Gate 7 – Volume 1

Lately, I’ve been wanting to re-read some of my old CLAMP comics, and coincidentally while shopping around this weekend I came across their latest work, Gate 7.

I have mixed feelings so far. The first volume has a lot of talking, but I never felt like it was progressing very much. The protagonist, Chikahito, is a high school student (of course!) who loves history and Kyoto, can cook well, is a bit awkward and loud at times, and – actually, he’s basically Watanuki from xxxHolic, also by CLAMP. It’s only the first volume, but the more I think about it, yeah, it’s the same character. I like Watanuki just fine, but he’s not so great that he merits creating a clone here. Here’s hoping he at least develops along different lines later on.

Not that the other characters are much better, so far. Again, it’s only the first volume, but nobody really stands out yet. As for the story, Chikahito visits (and soon moves to) Kyoto, where he’s dragged into getting involved with a group of people fighting supernatural something-or-others – it’s not really clear yet who or what, exactly – in a power struggle that goes back to the Warring States period. I have enough confidence in CLAMP to trust that this will make more sense later on, and I’m just interested enough to give it another volume, but so far it’s mostly alternated between exposition and action scenes that look neat but where neither protagonist nor audience is sure what’s going on.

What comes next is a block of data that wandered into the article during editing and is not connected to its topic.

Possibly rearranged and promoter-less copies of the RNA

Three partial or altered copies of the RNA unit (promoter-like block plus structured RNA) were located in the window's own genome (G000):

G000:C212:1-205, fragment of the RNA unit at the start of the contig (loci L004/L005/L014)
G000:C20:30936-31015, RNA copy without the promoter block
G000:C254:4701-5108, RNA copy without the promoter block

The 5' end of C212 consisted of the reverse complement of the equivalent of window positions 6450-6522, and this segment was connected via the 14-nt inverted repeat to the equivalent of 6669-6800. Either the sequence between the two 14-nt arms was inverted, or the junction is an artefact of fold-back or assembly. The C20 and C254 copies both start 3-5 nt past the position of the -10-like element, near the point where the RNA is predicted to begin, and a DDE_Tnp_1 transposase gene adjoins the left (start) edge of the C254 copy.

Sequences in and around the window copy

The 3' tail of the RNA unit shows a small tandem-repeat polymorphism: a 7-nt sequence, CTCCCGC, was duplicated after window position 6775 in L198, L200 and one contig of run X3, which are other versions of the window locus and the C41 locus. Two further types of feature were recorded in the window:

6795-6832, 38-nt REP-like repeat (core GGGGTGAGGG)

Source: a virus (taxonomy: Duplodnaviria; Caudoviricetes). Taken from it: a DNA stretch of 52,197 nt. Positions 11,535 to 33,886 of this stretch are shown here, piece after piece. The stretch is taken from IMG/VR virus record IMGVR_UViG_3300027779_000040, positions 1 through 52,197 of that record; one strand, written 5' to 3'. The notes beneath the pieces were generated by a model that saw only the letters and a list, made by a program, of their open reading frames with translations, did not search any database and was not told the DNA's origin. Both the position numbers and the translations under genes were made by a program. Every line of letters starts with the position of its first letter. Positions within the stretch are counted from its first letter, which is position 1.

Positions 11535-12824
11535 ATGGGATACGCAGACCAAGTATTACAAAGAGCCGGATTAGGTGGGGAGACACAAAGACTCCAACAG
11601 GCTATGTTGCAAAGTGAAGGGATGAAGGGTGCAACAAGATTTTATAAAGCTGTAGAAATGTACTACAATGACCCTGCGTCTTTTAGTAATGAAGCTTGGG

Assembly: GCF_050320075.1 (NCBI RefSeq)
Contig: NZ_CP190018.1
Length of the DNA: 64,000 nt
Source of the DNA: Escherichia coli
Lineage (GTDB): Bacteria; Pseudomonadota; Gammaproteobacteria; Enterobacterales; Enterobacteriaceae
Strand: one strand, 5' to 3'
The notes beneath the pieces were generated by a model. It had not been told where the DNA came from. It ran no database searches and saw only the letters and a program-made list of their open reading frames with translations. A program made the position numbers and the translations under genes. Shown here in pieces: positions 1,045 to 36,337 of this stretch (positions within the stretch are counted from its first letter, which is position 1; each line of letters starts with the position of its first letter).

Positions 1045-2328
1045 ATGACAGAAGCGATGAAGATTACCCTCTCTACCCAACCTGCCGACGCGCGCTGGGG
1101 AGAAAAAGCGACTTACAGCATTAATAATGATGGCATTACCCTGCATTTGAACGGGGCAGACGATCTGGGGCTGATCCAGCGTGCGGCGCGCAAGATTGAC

Translator William Flanagan, who’s also done most of xxxHolic, seems to have done his usual good work, and there’s also several pages of helpful end notes, which I always appreciate.

As for the art, it’s typical CLAMP fare. Fancy clothes, lanky characters, lots of detail – I love it, though those who don’t care for their style won’t be converted here. My one complaint is that there are a few pages that are clearly intended as colour illustrations, but are printed here in black and white, with mixed success. The frontispiece, for example, still looks good, but the illustration between the prologue and the first chapter just looks flat and dull.

Again, though, I’m still glad to see new work from CLAMP, and look forward to the next volume.

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